Examples of qualifying health care expenditures include payment of insurance premiums, expenditures by self-insured plans (including administrative fees paid to third parties), contributions to health care flexible spending accounts, health savings accounts and health reimbursement accounts, or payment to the City of San Francisco for the Health Access Program or to establish medical reimbursement accounts with the City. A covered employer may choose to satisfy the required Health Care Expenditures via more than one method. However, a covered employer who chooses to satisfy the requirement by making payments to the City must provide covered employees with a specific written notice.
The required health care expenditure rate is the amount of health care expenditures that a covered employer is required to make for each hour paid for each of its covered employees during a quarter. These rates are as follows:
- Employers with 100+ employees = $1.76/hour for every hour paid;
- Employers with 50-99 employees = $1.17/hour paid;
- Beginning April 1, 2008, employers with 20-40 employees = $1.17/hour paid
These rates will increase by 5% on January 1, 2009, to $1.85/hour and $1.23/hour. Effective January 1, 2010, these rates will be set by the City based on the City Health Service System contributions. "Hours paid" includes all hours worked in the City of San Francisco plus any paid time off (if a covered employee also works outside San Francisco, paid time off included will be pro rata based on hours worked in San Francisco).
A covered employer’s required health care expenditure is calculated by multiplying the total number of hours paid to each covered employee during the quarter (starting on the first day of the calendar month following 90 days of employment), up to a maximum of 172 hours per month or 516 hours per quarter, by the applicable rate.
Timing and Penalties
Quarterly health care expenditures must be made within 30 days of the end of the preceding quarter; thus, the health care expenditure for the first quarter of 2008 must be made no later than April 30, 2008, although employers are free to begin making expenditures before that time.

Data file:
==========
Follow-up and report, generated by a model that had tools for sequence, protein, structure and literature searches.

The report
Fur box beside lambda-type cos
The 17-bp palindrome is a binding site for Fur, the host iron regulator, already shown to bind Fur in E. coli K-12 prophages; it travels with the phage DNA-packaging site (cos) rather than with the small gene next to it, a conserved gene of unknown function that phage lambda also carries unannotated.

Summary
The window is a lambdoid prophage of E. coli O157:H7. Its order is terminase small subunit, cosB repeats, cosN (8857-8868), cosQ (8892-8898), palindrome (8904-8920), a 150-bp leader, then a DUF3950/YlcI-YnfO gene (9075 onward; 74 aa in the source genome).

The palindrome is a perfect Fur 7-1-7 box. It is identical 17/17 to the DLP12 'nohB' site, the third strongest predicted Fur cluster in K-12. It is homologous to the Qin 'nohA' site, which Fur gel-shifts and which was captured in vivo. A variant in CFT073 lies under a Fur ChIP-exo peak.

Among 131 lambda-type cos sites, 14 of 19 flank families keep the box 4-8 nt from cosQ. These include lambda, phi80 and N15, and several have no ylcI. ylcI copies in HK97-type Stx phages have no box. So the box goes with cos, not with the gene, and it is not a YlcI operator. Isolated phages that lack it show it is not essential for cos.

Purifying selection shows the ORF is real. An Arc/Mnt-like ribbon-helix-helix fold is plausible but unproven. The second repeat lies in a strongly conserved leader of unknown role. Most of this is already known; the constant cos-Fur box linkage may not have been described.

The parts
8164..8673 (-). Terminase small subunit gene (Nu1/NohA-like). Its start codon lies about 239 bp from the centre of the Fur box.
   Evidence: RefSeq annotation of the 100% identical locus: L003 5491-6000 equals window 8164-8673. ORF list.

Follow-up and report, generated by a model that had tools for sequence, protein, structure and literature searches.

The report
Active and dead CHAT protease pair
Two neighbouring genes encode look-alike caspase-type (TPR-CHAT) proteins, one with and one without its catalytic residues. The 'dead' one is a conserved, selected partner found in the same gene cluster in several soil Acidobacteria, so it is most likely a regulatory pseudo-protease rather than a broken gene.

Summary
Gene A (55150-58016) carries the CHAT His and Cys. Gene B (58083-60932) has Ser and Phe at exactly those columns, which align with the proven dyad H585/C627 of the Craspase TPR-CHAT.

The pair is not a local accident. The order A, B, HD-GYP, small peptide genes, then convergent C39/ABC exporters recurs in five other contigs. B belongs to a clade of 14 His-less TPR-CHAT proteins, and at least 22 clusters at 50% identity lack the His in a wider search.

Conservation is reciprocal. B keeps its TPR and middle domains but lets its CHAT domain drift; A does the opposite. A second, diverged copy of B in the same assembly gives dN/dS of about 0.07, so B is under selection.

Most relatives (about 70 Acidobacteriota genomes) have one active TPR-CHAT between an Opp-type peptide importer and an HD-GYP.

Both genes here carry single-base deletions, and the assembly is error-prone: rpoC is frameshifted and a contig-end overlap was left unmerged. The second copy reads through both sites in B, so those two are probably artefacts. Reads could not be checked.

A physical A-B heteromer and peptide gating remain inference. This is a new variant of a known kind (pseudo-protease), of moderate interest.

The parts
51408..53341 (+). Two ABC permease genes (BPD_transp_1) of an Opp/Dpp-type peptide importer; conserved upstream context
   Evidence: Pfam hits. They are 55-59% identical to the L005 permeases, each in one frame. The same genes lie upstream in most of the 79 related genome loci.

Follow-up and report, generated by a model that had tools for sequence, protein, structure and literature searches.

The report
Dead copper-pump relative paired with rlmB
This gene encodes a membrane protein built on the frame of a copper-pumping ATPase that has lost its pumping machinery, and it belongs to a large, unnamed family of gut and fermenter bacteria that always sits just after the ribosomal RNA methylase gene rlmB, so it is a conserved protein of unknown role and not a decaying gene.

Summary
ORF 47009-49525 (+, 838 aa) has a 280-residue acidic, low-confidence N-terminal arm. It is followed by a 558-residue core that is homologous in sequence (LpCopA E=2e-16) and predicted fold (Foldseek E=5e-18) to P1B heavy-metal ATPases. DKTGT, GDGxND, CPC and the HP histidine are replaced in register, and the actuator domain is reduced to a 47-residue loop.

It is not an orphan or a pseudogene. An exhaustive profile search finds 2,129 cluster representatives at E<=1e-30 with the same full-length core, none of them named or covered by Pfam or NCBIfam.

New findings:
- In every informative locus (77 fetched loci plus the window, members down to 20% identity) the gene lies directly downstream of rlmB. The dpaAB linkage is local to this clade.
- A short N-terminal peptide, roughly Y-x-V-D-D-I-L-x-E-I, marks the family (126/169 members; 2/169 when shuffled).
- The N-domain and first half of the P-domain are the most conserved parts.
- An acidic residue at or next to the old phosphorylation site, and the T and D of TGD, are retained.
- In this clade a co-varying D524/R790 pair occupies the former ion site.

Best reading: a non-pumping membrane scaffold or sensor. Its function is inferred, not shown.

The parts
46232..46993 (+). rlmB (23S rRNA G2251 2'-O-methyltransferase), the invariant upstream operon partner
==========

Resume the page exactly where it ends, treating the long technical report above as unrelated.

If you are a covered employer, you must keep records of health care expenditures made and calculations of minimum health care expenditures required under the law (including wage and hour information) as well as any waiver and notice given regarding payments to the City for 4 years after a covered employee’s employment terminates.
Covered employers must also annually report their compliance to the City. Failure to make the health care expenditure penalties include payment of the health care expenditure and/or reimbursement of a covered employee’s out-of-pocket expenses during the time of failure and an administrative penalty of 1.5 times the unpaid expenditure plus interest of 10% (total administrative penalty maximum of $1,000/covered employee per week of failure).
In the coming weeks, the Office of Labor Standards Enforcement will send all registered businesses the 2008 HCSO Notice and the first Annual Reporting Form. All covered employers (those with 20 or more employees) are required to report on their 2007 health care spending, in order to provide the City with a baseline understanding of current practices.
If you have questions about either of these two new laws, please contact an attorney in one of our California offices:
San Diego 858.597.9600
San Francisco 415.490.9000
This Legal Alert provides an overview of important aspects of two recent laws. It is not intended to be, nor should it be construed as, legal advice on any specific factual situation.